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Analysts: Crack the US and Windows Phone will surpass iOS

Much of the chatter in the smartphone world lately has been about iOS vs. Android. But where does Microsoft and Windows Phone fit in? Can Windows 8 help boost the struggling mobile OS?

According to new data from Strategy Analytics, Windows Phone will hit four per cent smartphone share in the crucial US market this year, "rising steadily" from three per cent last year.

Much of the Windows Phone purchases will be driven by Nokia, HTC, and Samsung devices.

"Microsoft is making a determined push to crack the United States because it is the most valuable and influential smartphone market in the world," Neil Mawston, executive director at Strategy Analytics, said in a statement. "However, Microsoft's US smartphone market share remains relatively niche at present and breaking the stranglehold of leaders Android and Apple will not be easy."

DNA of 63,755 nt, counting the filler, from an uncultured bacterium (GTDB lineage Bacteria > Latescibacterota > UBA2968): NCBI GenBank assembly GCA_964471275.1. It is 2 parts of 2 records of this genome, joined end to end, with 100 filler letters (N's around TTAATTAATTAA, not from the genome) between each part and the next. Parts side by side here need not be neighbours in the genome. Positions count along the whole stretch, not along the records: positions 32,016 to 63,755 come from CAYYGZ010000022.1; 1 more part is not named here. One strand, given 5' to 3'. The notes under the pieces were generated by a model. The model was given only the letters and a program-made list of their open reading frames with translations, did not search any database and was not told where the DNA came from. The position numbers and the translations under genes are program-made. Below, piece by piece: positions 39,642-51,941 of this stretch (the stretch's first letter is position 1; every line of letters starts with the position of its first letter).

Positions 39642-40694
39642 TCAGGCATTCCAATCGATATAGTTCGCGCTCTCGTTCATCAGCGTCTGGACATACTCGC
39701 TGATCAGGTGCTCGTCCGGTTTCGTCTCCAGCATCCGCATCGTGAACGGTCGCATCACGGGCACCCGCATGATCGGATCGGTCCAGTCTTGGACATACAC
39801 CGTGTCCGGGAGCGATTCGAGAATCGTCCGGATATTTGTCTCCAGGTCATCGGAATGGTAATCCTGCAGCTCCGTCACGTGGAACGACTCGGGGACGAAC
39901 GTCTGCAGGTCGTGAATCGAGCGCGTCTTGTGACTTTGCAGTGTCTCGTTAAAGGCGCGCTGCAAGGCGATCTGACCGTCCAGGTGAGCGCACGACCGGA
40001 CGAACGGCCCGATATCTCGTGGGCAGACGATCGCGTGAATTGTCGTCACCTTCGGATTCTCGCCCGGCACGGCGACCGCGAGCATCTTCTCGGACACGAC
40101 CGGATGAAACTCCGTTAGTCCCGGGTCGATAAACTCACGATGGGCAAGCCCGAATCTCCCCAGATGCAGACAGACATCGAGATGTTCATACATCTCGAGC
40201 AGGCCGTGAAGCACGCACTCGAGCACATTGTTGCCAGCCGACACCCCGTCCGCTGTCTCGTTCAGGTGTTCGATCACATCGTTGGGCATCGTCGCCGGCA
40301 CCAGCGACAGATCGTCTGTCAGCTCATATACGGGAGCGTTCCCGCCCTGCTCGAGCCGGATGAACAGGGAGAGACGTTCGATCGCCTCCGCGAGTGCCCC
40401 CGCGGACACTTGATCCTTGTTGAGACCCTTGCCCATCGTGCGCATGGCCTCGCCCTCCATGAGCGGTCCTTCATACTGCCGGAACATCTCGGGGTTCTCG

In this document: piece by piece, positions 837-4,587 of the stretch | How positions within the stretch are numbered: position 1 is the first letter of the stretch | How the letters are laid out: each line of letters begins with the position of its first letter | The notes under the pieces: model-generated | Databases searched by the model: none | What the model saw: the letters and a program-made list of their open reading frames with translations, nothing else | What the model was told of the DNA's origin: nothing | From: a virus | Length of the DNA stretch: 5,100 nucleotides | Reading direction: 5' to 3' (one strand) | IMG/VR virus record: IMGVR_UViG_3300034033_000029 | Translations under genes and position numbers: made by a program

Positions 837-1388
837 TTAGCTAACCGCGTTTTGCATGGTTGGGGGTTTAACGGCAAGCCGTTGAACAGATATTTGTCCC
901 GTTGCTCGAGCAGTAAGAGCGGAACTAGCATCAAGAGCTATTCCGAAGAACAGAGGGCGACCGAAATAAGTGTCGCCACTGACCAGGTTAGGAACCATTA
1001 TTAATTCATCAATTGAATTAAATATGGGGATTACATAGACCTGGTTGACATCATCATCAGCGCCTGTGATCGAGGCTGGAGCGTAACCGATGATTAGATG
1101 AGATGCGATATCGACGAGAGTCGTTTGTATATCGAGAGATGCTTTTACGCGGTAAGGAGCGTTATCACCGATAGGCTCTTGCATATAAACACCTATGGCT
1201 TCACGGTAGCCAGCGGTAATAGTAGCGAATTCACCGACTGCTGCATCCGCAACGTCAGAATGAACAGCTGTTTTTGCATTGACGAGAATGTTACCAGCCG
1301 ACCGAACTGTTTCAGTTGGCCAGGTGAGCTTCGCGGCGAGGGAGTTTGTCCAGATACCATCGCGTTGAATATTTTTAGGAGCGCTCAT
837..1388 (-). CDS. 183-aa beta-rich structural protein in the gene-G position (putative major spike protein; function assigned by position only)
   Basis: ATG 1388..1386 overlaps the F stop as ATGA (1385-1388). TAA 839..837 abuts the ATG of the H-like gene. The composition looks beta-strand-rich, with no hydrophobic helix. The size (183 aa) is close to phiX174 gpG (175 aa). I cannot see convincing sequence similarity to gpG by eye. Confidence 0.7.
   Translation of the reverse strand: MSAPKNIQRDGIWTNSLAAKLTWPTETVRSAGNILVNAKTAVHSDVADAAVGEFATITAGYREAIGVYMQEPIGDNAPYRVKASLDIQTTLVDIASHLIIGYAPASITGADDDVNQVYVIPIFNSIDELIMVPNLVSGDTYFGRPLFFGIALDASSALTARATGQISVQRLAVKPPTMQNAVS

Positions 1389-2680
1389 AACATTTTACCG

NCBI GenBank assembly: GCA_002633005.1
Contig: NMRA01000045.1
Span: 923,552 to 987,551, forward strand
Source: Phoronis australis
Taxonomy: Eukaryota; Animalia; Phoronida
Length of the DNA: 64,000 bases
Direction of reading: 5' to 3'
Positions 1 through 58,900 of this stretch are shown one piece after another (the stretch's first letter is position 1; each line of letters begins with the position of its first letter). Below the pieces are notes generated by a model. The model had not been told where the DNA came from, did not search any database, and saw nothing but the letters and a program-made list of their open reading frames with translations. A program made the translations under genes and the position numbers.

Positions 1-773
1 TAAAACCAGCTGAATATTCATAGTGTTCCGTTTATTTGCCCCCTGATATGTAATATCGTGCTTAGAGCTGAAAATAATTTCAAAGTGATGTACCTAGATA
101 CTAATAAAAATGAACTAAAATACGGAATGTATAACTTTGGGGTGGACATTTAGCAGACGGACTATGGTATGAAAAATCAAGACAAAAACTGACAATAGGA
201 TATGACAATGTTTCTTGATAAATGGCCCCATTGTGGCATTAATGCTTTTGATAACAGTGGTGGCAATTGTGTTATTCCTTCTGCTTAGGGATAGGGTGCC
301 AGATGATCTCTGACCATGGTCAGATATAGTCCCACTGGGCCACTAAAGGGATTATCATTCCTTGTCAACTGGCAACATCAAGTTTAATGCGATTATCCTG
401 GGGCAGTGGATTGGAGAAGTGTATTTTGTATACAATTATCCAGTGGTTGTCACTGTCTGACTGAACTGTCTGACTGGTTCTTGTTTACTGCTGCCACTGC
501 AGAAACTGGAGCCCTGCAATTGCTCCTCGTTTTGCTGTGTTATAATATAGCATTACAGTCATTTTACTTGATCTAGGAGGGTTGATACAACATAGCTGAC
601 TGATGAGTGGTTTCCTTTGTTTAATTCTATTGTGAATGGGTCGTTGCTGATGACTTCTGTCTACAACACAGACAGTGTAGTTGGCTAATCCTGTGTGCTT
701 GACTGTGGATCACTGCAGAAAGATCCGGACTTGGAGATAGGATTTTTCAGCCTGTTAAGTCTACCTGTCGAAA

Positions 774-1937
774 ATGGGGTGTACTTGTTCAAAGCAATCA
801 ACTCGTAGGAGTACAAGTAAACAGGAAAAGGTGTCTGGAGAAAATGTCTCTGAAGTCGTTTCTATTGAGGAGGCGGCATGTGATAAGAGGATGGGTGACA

Mawston said Windows Phone 8 needs to "dramatically improve support for advanced technologies like multi-core chipsets, enhance the Marketplace app store, expand the number of phone models available from major partners like Nokia or Samsung, and consider reducing the license fees it charges per unit to smartphone makers."

Despite the modest projected growth, Microsoft is still facing a big uphill battle. Data released recently from Nielsen found that 51.8 per cent of US smartphone owners currently own an Android device, followed by 34.3 per cent who have an iPhone, and 8.1 percent who have a BlackBerry.

Nielsen found that in recent months, Microsoft's aging Windows Mobile platform actually outpaced the newer Windows Phone at three per cent vs. 1.3 per cent.

According to IDC, however, Windows Phone is on track to overtake iOS by 2016. The analyst firm predicted that Apple iOS will fall to 19 per cent global market share by 2016, while Windows Phone will jump from 5.2 per cent in 2012 to 19.2 per cent in the next few years.

Last month, Microsoft unveiled Windows Phone 8, which will be released later this year in conjunction with Windows 8. Existing users, however, won't get the upgrade and will instead have to deal with a version '7.8' instead.